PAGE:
On February 7, the General Services Administration (GSA) hosted a roundtable panel event to discuss its pilot program under the Transactional Data Reporting (TDR) rule. The discussion included Kevin Youel Page, the Deputy Commissioner of GSA’s Federal Acquisition Service (FAS); Judith Zawatsky, the Director of GSA’s Multiple Award Schedule (MAS) Program Management Office; Elliott Branch, the Deputy Assistant Secretary of the Navy (Acquisition & Procurement); and Larry Allen, the President of Allen Federal Business Partners.
GSA began the event by providing an update on contractor participation in the pilot. Over 1,000 GSA Schedule contractors have opted in for TDR pilot participation, which is over 40% of contractors that are eligible to participate. The discussion then moved to the industry’s three biggest concerns regarding TDR: 1) its impact on current GSA schedule pricing, 2) how the data will be secured and used, and 3) the training of those utilizing the data.
Pricing – It was clear from the conversation that the possibility of decreased GSA contract pricing due to TDR is an ongoing concern among the industry. GSA Schedule contractors fear that TDR data will be used to drive down schedule pricing. Kevin Youel Page confirmed that there is a chance that the TDR data will lower pricing, but that is not and should not be the main intent of TDR data usage. Small business contractors are concerned they will be driven out of the Schedules program altogether, as they fear prices may be driven down so low their businesses will not be able to operate. Overall, GSA did not do much to calm concerns regarding the effect that TDR data will have on GSA contract pricing.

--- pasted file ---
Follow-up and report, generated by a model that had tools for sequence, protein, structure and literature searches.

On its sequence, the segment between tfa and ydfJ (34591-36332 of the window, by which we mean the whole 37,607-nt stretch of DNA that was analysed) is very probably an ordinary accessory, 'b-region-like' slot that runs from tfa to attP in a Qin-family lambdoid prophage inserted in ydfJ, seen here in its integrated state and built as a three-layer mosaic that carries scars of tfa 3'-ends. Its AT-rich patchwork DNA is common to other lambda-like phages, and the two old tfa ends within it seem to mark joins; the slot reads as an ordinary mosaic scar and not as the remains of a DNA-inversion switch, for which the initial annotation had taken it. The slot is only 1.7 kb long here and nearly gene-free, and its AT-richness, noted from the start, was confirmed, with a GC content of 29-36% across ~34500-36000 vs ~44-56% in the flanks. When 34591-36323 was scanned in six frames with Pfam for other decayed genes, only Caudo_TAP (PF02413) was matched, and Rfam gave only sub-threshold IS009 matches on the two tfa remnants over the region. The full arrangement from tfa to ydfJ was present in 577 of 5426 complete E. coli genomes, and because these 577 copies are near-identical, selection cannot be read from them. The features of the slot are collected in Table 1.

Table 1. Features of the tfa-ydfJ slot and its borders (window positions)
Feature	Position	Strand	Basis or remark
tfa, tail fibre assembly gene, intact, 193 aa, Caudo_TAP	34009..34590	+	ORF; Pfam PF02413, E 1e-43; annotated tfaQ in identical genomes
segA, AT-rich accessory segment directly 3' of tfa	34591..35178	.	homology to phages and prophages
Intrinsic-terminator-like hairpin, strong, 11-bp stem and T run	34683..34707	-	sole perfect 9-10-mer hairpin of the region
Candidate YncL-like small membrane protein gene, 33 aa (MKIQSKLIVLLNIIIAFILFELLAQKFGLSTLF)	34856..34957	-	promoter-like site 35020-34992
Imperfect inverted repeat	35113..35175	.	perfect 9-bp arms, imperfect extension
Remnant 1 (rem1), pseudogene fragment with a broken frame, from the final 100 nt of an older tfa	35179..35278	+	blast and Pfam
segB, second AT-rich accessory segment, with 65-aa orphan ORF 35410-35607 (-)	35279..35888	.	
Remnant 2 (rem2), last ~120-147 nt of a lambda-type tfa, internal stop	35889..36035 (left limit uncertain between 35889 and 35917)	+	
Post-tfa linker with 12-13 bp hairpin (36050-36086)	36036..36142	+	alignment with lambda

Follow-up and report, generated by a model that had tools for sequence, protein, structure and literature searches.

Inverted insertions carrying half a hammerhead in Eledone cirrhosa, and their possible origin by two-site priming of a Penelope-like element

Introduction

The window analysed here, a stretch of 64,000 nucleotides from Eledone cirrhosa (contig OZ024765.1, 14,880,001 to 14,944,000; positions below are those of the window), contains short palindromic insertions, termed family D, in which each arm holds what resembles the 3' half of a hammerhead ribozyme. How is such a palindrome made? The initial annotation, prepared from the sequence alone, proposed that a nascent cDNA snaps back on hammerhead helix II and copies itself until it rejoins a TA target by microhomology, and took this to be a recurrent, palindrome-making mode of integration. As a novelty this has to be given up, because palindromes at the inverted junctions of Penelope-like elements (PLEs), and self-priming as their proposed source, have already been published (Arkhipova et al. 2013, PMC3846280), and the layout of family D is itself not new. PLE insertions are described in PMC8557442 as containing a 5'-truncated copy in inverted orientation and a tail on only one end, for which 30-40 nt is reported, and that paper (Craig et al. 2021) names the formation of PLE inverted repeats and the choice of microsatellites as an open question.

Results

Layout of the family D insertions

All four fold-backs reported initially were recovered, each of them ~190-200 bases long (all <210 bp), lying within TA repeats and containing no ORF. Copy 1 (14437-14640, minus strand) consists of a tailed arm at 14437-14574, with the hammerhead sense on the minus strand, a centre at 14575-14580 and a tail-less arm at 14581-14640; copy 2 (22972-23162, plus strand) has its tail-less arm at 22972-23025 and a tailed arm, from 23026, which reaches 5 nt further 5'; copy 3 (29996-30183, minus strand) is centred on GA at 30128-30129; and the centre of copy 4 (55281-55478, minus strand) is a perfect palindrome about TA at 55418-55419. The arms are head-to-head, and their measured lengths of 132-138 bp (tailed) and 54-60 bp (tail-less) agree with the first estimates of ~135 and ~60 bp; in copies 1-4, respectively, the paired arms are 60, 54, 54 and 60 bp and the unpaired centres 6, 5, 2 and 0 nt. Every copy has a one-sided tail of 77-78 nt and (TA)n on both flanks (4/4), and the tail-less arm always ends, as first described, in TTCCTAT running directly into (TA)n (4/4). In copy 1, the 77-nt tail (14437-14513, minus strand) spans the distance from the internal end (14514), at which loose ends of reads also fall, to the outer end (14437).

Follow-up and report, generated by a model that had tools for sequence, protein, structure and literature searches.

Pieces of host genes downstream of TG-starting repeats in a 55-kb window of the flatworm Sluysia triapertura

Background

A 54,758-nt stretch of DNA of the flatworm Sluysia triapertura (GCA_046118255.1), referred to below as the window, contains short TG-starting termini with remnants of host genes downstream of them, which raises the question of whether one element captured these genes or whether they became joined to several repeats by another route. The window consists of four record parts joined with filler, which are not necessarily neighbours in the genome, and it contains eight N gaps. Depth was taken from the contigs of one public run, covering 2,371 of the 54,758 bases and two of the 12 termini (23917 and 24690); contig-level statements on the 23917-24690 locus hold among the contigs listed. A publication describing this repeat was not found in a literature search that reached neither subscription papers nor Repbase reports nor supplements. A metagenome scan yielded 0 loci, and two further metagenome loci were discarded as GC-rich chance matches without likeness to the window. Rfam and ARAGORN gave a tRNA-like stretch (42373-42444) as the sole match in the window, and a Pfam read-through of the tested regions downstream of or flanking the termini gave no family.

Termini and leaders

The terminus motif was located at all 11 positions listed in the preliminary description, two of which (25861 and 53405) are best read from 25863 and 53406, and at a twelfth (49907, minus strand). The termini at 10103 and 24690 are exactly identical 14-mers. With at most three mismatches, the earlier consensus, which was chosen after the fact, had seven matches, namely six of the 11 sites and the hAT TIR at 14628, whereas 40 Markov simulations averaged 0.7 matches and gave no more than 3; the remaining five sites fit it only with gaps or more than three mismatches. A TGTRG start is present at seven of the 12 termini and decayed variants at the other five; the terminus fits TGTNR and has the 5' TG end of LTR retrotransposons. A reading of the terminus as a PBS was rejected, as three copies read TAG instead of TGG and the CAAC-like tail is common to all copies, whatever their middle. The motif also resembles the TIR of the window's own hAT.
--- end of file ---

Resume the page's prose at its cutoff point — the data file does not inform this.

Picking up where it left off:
Data Security and Usage – GSA emphasized that this is not the first time they have handled procurement-sensitive data, and that access of TDR data will be limited to a small group of people. Security protocols are being put in place, and users are required to sign a non-disclosure agreement before working with the data. The data will be provided to the following groups of users in stages:
Training of Users – GSA discussed that they have been out to acquisition centers across the country twice to train GSA COs on the TDR program. Audience members were very vocal about their concerns regarding GSA COs, including their knowledge of the TDR pilot and usage of the TDR data. One audience member described her experience with her CO while trying to make a modification to her schedule. The CO had no knowledge of the TDR program and insisted on seeing Commercial Sales Practices (CSP) data. According to the rule, COs are not supposed to ask for commercial sales data once a GSA contractor has opted into the TDR pilot. The modification was ultimately rejected. The general consensus around the room was that contractors were having to educate their COs on the TDR pilot program. As a result, GSA determined they will need to go out to conduct training for a third time.
The success of the pilot will be evaluated after one year, with emphasis placed on the 1) impact on Schedules program volume, 2) socio-economic impact, and 3) how TDR data is being used to inform buying decisions. At this time, we are still not certain when the one-year evaluation period began. The final rule was issued on June 23, 2016 and the pilot was incorporated into the first Schedules in late August, 2016. The pilot launched a final affected Schedule in January 2017.